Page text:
Congrats, Your Child's A Teenager -- And You're Enemy No. 1

14/06/2016 8:28 AM IST | Updated 15/07/2016 8:27 AM IST
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Parents worrying about angry teenage son

You know what tests your patience even more than travelling via the traffic-clogged Silk Board in Bangalore? Parenting a teen! Every day is like a permanent roller-coaster ride. Teenage is a time of apprehension for both the child and the parents. Suddenly, you find yourself oscillating between deep despair and confusion, ten times on a daily basis. Your perfectly fine, obedient child is now rebellious, moody, weepy, questions everything you say and is generally the epitome of obnoxiousness. To add to your woes, they suddenly gain inches. You feel even more intimidated as they glare down at you.

Here are the issues I grapple with.

The discipline dilemma

Teenagers test the limits of their freedom and those of your patience incessantly. While some of us become way too strict, there are others who become too soft because who has the energy to argue with the always-on-a-warpath teen? In my opinion, it is a balance that we all strive for but find very difficult to fathom and achieve.

Getting a teen to listen and do what you've asked seems like trying to climb Everest on a daily basis.

Before you launch into a lecture on leniency, let me flash dirty clothes, torn jeans, shabby, uncut hair and messy rooms in front of your eyes. Are they always absent-minded or is it especially for the benefit of parents? Add to it the frequent bouts of amnesia and deafness. Everything is heard only after four-five loud yells. If you ask them to look for something, be ready to never have it found.

Good cop or bad cop?

Every teen is different so every teen needs to be handled differently. Easier said than done because you really no longer know how to behave around them. Yet, if your child is naturally responsible and mature, give her more freedom. Allow her to engage in her interests. She'll do so anyway, no matter what you think. On the other hand, if your teen is more difficult and volatile, handle her firmly. Be around to supervise her. Allow your teen age-appropriate decision making but be more mindful of following up and monitoring. Define what you will not hear/tolerate from your child. Between you and me, implementing these approaches will make handling a bad boss seem like a breeze.

How to get through to them?

While children overall seem more irreverent these days (I am sure every generation of parents has felt this way), teens take the cake and the bakery. It is the age of raging hormones and getting a teen to listen and do what you've asked seems like trying to climb Everest on a daily basis. Well, keep at it, I guess. What option do you have, anyway? Try to be consistent; be fair; and above all, be patient, especially when they have their headphones on when you are talking to them or are singing loudly in that squealing voice or... you get the drift! These few years test your love for them and hopefully the storm passes by the time they touch adulthood.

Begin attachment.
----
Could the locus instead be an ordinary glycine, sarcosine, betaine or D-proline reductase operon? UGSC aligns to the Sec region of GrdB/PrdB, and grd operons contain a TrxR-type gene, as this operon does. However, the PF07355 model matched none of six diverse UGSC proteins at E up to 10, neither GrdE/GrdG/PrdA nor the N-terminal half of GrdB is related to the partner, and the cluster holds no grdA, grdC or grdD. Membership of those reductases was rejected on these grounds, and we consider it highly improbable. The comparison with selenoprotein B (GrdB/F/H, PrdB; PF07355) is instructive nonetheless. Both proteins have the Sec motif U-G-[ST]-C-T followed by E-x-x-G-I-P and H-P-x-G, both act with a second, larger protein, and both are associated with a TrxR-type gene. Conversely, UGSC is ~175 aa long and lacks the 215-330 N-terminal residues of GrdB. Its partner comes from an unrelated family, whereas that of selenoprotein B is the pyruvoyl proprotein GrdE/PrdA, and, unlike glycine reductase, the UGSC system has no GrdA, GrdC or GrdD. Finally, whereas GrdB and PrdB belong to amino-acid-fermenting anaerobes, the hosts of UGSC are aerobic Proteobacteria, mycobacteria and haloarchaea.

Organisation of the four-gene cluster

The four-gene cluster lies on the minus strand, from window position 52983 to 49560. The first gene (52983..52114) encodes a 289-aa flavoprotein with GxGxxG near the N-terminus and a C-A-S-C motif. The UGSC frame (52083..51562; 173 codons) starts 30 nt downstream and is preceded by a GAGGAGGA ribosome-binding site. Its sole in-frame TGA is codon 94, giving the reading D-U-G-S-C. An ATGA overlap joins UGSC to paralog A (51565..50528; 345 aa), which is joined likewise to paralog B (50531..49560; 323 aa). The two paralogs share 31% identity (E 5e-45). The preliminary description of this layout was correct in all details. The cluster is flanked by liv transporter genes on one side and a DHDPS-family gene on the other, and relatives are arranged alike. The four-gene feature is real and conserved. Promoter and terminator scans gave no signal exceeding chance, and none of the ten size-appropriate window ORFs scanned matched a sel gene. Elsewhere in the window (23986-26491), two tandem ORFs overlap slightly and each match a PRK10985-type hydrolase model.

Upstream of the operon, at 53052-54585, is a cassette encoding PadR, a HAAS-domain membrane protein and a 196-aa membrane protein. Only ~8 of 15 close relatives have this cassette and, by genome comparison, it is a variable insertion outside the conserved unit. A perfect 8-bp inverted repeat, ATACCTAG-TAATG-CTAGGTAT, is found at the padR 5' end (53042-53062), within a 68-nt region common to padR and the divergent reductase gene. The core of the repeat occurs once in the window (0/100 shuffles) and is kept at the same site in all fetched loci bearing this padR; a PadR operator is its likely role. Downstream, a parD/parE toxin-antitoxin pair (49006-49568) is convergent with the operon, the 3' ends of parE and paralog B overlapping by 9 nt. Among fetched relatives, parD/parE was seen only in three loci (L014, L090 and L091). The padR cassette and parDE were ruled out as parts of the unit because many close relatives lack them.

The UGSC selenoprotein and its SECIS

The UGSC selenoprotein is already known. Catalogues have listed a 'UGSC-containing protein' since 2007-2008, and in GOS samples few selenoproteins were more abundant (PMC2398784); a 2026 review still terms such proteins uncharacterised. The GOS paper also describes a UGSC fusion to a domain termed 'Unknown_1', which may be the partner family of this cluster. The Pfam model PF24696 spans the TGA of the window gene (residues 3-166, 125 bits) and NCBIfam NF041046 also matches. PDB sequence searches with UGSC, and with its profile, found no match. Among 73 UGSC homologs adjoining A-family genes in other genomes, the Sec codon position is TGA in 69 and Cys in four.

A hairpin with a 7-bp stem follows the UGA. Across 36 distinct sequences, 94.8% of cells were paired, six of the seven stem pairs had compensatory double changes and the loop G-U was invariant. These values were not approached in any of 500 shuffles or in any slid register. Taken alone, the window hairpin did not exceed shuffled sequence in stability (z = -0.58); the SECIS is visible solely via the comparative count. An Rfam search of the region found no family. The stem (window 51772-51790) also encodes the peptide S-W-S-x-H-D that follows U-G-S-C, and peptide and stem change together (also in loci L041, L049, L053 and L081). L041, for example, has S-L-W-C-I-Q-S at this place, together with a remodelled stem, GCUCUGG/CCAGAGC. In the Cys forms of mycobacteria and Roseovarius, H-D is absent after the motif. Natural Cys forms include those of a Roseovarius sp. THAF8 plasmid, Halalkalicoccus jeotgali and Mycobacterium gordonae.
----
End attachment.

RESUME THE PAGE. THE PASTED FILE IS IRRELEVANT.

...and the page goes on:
It is best to keep communicating often with your teen even if all you hear in response are grunts and protests.

Don't sweat the small stuff

Easier said than done but in the larger scheme of things, it works better to concentrate on the bigger picture. If overall your teen seems to be thriving, is in control of things, handles issues maturely and is generally well-behaved, perhaps a few stray instances can be overlooked. Don't believe the worst of your child though they give you ample reasons to do so. Perhaps they will feel more trusted and will behave better. Hope is all we've got!

Keep your eyes trained

Do not overlook any alarming signs that your teen exhibits. Take a deep breath and discuss all those issues with them that parents usually shy away from -- drugs, alcohol, smoking, sex and so on. Do not allow them to drive underage or give them access to too much money. Know their peers even if you may not like them. Sometimes you may foresee a bad choice or decision but let them make the mistake if it is not something too serious.

A teen may think otherwise but this is the time when they need a parent's firm yet loving hand to guide them. Be ready for lots of resistance and invasion-of-privacy barbs while you try to stay "involved".

Confide in them

Remember that you are human too, with your flaws, your bad days, your temper troubles etc. Share your tough moments and failings with them. Emphasize that a parent is not superhuman and also goes through bad patches. It is best to keep communicating often with your teen even if all you hear in response are grunts and protests.

Are you a parent of a teen? Any tips to share with me?

PS: This is a realistic yet exaggerated and hopefully funny account of a teen's parent. My teen is somewhere between the two extremes.

This post has been previously published on Rachna says.

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